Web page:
Every day for the past four months, I’ve glared at my husband’s van collecting dust out in the garage. The only thing that’s prevented me from selling it is I’m too lazy to clean it out or wash it.
So a couple weeks ago, when I no longer could tell what color the van was, I decided it was time to sell it. For one thing, I refuse to drive it. It’s big and long and so wide, it clears the garage doorway by only about a half-inch on each side. Past history has taught me that I need at least two feet on each side if I want to be certain I won’t leave the side mirrors dangling from the door frame.
So, armed with a trash bag and gloves, I set to work cleaning out the van. All I can say is there were so many fast-food burger bags stuffed under the seats, I began to suspect that my husband secretly had bought his own franchise.
With each bag I discovered, I thought of how many nutritious meals I’d cooked for him, trying to stick to the diabetes guidelines his doctor had given me. Apparently, I could have saved myself a lot of time and trouble if I’d have just invested in side of beef and a meat grinder.
After all of the junk was cleaned out, there still was the problem of the van looking like a giant ball of dust. How, I wondered, could I wash it if I couldn’t even back it out of the garage?
That’s when I remembered that my brother-in-law used to do auto detailing as a sideline (auto detailing means turning an old vehicle into something that looks factory new, or close to it). So I called him and asked if he might be able to do something with the van.
He came over and picked it up and, to my surprise, brought it back the next day looking even better than when it was new. I could see my face in it. And the inside was so clean, no one ever would have guessed it recently had been a fast-food disposal unit on wheels.
I was smiling from ear to ear and thinking it would be a snap to sell the van, when my brother-in-law abruptly wiped the smile from my face.
“It’s running really rough,” he said.
I didn’t want it to run rough. I wanted anyone who drove it to have a nice smooth ride. Smooth meant I could make money. Rough meant I’d have to spend it.
“It’s probably just because it’s been sitting around for so long,” he added.
“Probably,” I said. But the trouble was, I knew that assorted parts could have dried up, corroded or become mummified during the past few months, which still would cost me money.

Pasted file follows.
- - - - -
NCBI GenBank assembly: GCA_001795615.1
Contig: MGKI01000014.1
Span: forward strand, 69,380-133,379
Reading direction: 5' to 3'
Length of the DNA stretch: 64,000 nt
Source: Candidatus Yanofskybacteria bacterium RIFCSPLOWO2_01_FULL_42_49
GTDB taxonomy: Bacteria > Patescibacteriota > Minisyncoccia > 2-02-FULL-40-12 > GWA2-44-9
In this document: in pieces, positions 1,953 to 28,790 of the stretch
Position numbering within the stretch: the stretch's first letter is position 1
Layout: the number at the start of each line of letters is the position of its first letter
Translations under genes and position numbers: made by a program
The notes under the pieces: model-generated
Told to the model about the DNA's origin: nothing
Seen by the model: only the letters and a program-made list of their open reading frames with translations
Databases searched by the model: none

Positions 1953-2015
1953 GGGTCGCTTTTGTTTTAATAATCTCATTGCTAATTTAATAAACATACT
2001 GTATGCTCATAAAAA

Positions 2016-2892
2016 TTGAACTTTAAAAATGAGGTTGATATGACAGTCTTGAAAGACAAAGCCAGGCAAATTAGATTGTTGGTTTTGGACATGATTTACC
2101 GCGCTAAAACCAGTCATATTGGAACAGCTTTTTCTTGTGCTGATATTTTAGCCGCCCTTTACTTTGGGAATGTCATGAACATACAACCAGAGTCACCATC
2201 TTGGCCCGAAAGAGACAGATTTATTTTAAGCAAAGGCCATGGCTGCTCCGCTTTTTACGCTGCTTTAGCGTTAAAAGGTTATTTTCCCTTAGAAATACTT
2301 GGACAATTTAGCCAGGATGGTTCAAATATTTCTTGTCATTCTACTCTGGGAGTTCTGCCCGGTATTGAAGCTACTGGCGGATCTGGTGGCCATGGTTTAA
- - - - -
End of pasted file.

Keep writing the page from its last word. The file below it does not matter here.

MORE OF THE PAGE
That night, I contemplated what to do with the van. Did I really want to advertise it for sale and have a bunch of strangers come to my house to check it out? And did I want to sit next to those strangers in the van while they test-drove it? The more I thought about it, the more I allowed my imagination to run wild, and the less I liked the idea.
So I came up with what I thought was a brilliant idea. I called the dealer where my husband originally bought the van and asked the manager if he might want to buy it back.
“Sure, I’ll take a look at it,” he said. “Bring it in.”
“Um, I don’t know how to drive it,” I said.
“OK then, I’ll be over tomorrow to check it out,” he said.
Actually, I had driven my husband’s van only once, back when he first bought it in 2002. We had taken my mom out to eat and on the way home, my husband stopped at his office to pick up some paperwork. While he was in the building, I decided that the empty parking lot might be a good place to try out his van.
Before I knew it, I was in the driver’s seat with my foot on the gas. I zoomed off so fast, when I looked in the rearview mirror, all I saw were my mother’s feet up in the air. I also heard a stream of frantic prayers coming from what sounded like somewhere on the floor. By the time my husband came back out, we were innocently parked right back where he’d left us. He never knew I’d driven the van. And I never drove it again.
Anyway, the guy from the dealership, Paul, came over the next day, as promised, and was very impressed with the look of the van. I made a mental note to give my brother-in-law a tip.
Paul took the van for a test drive and returned about five minutes later. “The engine light popped on,” he said, frowning.
My heart sank. Why, I wondered, did the dumb light pick that precise moment to pop on? Couldn’t it have waited another day or two, after I already had a check in my hot little hands?
“Tell you what,” Paul said. “I’ll take it back to our mechanic and have him check it out. If it’s something simple, I’ll buy the van. If it’s something big, I won’t. So tomorrow, I’ll either be back here with a check – or the van.”
I couldn’t sleep that night. What would I do, I wondered, with the van back if it was in bad shape? Pay to have it fixed and then still try to sell it? Have it towed to a junkyard? Sell it for parts?
Paul called the next morning and told me everything that was wrong with the van. It sounded like the inventory list from Auto Parts R Us. I recall him saying things about spark plugs and a leaky transmission and needing some kind of belt and maybe a pacemaker or a respirator. And every other word was, “because it’s old.” I could empathize with that old van, mainly because as I age, I’m getting rustier and creakier (but fortunately, not yet leakier), too.
“So, I guess you’ll be bringing it back, huh?” I muttered.
“No, I still want to buy it,” he said. “But my offer probably will insult you.”
At that point, he could have offered me $10 and a box of chocolates and I probably would have taken it (I hope he’s not reading this).
His offer actually was closer to $2,000. Luckily, he couldn’t see me dancing a jig over the phone.
So now I have a nice spacious garage. I think I might even use the van money to buy myself a riding lawnmower, now that I have a place to put it.
I just hope I can back it out of the garage.